Messages:
    489
    State:
    Spring Hill, Kansas
    I think that I may make my next smoker due to the cost of a new one of that size. Its going to take some trail and error because you will want to maintain a steady temp across the whole smoker. If you have too much smoke with the heavier woods like hickory, oak etc... you meat will have a bitter taste to them but cherry wood and apple wood are great to start with because its hard to oversmoke you meat.

    If you are going with an off set smoker I would recommend putting you smoke stack even with your cooking grates because if you mount the stack on top your going to have uneven tempertures through out your smoker, the temps will be higher on the fire box side and cooler on the the oppsite side. The uneven temps are caused by the heat rising. If the smoke stack was even with the cooking grates the heat has to travel to the oppsite end of the smoker before leaving. You can also mount a piece of metal about a 45 degree angle above the opening on the firebox this will cause the heat to disperse evenly.

    Once you have your smoker built, you will want to season it, I seasoned my smoker with the fat juices from a pork butt, collect all the juices from the butt and spray or wipe down all surfaces inside.

    I like to use different types of wood like cherry, apple, maple, oak, hickory and mesquite. The fruity woods are great for chicken, sausages etc... the oak, hickory and mesquite are great for ribs, brisket, pork etc... You might also try mixing different pieces of wood.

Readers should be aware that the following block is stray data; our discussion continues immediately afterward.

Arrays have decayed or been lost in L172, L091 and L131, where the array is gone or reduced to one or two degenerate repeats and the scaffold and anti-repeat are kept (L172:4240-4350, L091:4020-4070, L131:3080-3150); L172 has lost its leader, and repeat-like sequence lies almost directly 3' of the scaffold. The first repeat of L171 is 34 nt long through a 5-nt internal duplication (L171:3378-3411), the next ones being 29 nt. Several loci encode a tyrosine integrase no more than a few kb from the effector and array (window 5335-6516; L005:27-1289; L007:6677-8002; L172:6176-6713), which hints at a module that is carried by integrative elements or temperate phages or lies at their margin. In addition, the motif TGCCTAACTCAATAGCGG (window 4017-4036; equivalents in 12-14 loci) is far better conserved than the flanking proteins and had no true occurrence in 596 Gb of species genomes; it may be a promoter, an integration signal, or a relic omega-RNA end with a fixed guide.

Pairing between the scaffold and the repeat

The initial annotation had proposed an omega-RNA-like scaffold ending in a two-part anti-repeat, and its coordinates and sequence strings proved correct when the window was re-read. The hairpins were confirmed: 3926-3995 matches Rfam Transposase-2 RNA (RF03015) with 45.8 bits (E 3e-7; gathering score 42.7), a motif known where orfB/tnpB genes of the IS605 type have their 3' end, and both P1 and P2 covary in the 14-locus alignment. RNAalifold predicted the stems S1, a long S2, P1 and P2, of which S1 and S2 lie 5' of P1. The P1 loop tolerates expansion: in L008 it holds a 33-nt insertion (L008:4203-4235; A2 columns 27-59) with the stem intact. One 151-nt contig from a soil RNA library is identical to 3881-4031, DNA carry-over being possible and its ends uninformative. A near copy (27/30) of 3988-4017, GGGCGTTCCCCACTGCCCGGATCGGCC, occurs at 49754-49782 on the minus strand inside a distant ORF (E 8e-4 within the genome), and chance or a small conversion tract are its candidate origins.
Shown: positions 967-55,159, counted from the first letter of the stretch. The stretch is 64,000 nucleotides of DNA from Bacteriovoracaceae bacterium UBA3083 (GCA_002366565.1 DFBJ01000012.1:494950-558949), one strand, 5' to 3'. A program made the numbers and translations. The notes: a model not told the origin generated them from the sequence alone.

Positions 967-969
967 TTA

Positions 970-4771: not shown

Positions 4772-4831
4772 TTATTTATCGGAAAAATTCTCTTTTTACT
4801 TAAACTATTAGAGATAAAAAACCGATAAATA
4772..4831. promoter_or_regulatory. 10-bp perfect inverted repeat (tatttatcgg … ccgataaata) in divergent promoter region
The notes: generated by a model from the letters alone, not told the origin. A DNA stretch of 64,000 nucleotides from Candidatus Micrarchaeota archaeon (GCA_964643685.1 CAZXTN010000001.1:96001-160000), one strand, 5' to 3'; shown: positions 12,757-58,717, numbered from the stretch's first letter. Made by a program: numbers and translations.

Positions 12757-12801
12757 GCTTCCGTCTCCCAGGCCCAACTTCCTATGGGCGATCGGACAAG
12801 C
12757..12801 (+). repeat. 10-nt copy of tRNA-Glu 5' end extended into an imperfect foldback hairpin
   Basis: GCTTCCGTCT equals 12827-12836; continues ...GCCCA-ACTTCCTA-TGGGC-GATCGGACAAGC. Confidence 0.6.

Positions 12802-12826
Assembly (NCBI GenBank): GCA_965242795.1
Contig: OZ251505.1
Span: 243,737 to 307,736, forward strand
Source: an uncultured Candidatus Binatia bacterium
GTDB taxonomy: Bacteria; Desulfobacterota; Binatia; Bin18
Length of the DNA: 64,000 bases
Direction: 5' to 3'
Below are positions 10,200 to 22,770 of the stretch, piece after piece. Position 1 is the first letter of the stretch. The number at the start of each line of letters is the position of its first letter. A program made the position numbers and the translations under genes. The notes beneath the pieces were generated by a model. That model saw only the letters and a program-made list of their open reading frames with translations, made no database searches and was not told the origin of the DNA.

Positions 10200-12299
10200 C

If you have any questions please feel free to contact me I go could on for hours about Queing.


    chris
     
  12. RamRod

    RamRod New Member

    Messages:
    2,047
    State:
    Ohio
  13. Chris

    Chris New Member

    Messages:
    489
    State:
    Spring Hill, Kansas
    I got that smoker about a year or so ago but I got mine around 100.00 from lowes. Lowes will match prices. I like mine but I had to bolt in a tuneing plate to disperese the heat evenly.

    chris
     
  14. ShilohRed

    ShilohRed New Member

    Messages:
    4,339
    State:
    West Tn
  15. TDawgNOk

    TDawgNOk Gathering Monitor (Instigator)

    Messages:
    3,365
    State:
    Tulsa, Oklahoma
    Thought ya might like this idea,

    Home-Built Smoker ala Alton Brown